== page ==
St Bede’s in the 1990s.
The De La Salle Brothers founded St. Bede’s in 1938 in response to the need for a Catholic College perceived at the time. At St.Patrick’s, Mentone, the parish priest, Father Adrian Martin, had lobbied many teaching orders within the church to establish a secondary boys’ college. He saw his parishioners sending sons to inner city colleges, or leaving school altogether without a proper education.
At the time the religious climate was much different to the more ecumenical times of today. Catholics were instructed by the bishops to send their children to their own schools and preserve the faith. Some Catholics went to State High Schools but most wanted to obey the church demands.
Father Martin persuaded the De La Salle Order to buy the old McCristal property and several adjoining ones so St. Bede’s was born. It helped that the Brothers wanted to move their boarders from a crowded campus at Malvern. St. Bede’s was a boarding school from the start.
The college opened in 1938 with eight teaching Brothers and by year’s end about 110 students. After ten years the student rolls reached 300 but the Brothers were still below ten in number. Despite the addition of a couple of secular teachers the class sizes began to rise. Boarder numbers grew rapidly in wartime when families were dislocated. St. Bede’s had about 100 boarders every year from the early 1940’s until the 1970’s.
St. Bede’s was a success despite the scattered collection of old and temporary buildings it occupied. War restrictions and cash shortages kept physical conditions primitive.
Wooden classrooms constructed in 1944 and demolished in 1970.
Sport provided the school with its early successes, especially in athletics where it won a Catholic Colleges Division 2 premiership in 1944. A senior football flag, won against Melbourne’s big Catholic Colleges, caused much jubilation in 1953. The first senior cricket premiership came in 1958. Two ovals, tennis courts, handball courts and the spacious old Davies property gave boys plenty of space to expend energy so St. Bede’s did well at sport.
The 1950’s saw the baby boomers hit the school and the enrolment double to over 800 in five years. Brother Finian was Headmaster in a period of acute difficulties. Facilities were hopelessly inadequate and class sizes rocketed to over fifty in many grades. Brother Alban, a dynamic business-oriented man, bullied parents, bankers and anyone with some clout, to build a complex of classrooms and other facilities in a period of financial stringency. It opened in 1958 and from then on St. Bede’s has had regular additions to its red brick campus. The main builders were Brother Colman (1960’s), Brother Peter ( 1970’s), Brother William ( 1980’s) and Brother Quentin (1990’s).
After the boom of the 1950’s the roll call reached 1000 in the early 1960’s and crept upwards over the years so that it has been over 1300 for nearly two decades as the century comes to an end.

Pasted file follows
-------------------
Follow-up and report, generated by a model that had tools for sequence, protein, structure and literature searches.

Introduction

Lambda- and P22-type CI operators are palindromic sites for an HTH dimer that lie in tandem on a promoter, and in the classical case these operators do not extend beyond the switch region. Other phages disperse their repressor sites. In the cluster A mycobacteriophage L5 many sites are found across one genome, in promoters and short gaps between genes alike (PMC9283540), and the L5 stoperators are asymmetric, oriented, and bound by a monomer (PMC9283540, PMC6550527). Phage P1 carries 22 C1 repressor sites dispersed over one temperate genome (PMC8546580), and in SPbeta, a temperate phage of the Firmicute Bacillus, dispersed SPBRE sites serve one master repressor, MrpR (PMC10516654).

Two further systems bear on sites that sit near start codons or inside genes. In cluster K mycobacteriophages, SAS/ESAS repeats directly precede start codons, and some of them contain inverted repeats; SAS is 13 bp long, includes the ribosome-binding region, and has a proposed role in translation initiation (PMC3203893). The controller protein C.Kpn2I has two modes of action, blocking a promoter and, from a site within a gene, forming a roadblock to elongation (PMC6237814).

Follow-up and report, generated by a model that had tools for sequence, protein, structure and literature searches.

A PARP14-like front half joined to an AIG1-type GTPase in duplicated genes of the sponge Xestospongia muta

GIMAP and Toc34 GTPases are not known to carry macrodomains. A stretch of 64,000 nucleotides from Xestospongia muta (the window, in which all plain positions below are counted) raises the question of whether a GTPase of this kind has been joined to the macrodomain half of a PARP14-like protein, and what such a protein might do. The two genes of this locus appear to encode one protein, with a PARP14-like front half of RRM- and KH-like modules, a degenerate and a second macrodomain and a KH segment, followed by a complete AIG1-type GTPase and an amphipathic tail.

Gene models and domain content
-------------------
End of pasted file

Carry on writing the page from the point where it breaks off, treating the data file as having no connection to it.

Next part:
Viewing planned developments at St Bede’s 1963. From Leader Collection.
Once staffed entirely by Brothers, the College now has over 100 staff, all but a few being secular. The Brothers numbers are not much different to the 1938 figures and about half of them are now retired. The female staff numbers are pushing towards 50% and most executive positions, apart from that of Headmaster, are in lay people’s hands.
St. Bede’s has never restricted entry to students on the basis of academic performance. It draws pupils from the local area with preference given to Catholic primary graduates nearest to the College. Given its non-selective nature its academic results have been creditable over the years.
Some have argued for a more restrictive entry but the De La Salle Brothers have stuck to their founder’s ideal for over 300 years. The Order was set up to teach the poor in a 17th century France when the nobility treated the lower classes with contempt. St. Bede’s exists in a totally different world but its guiding philosophy still rejects social exclusiveness.
Many of the College graduates went into professions and there have been some fine people among them. Two of the best are Professor Ron McCallum of Sydney University, a specialist in industrial law, and Shane Marshall, a judge in the Industrial Court.
In the sporting world St. Bede’s has produced several Olympians, perhaps the most notable being Peter Fitzgerald a semi-finalist in the 200 metres at the 1976 Montreal Games. There have also been Gerard Healy, Brownlow Medallist, 1987, and Sean Graf who represented Australia at one day cricket in the 1980’s. Thousands of other graduates have made a contribution to our society.
For its first 25 years St. Bede’s, though not as repressive as some other private schools of that time, pushed religious doctrine and observance very strictly, and it also used strong methods to enforce discipline, including corporal punishment. Things are different now. Discipline is softer, relying on a co-operative approach, and the religious education is certainly less pervasive though the school maintains a Christian ethos which influences policy.
From a standard curriculum of the early years, when public examinations dominated a fairly narrow academic range of subjects, the College now runs a broad spread of studies including trade and technology courses, once the preserve of Tech. Schools.
The buildings which St. Bede’s occupied in its first twenty years are now all gone and the nature of the College has also undergone a massive change during its first 60 years.
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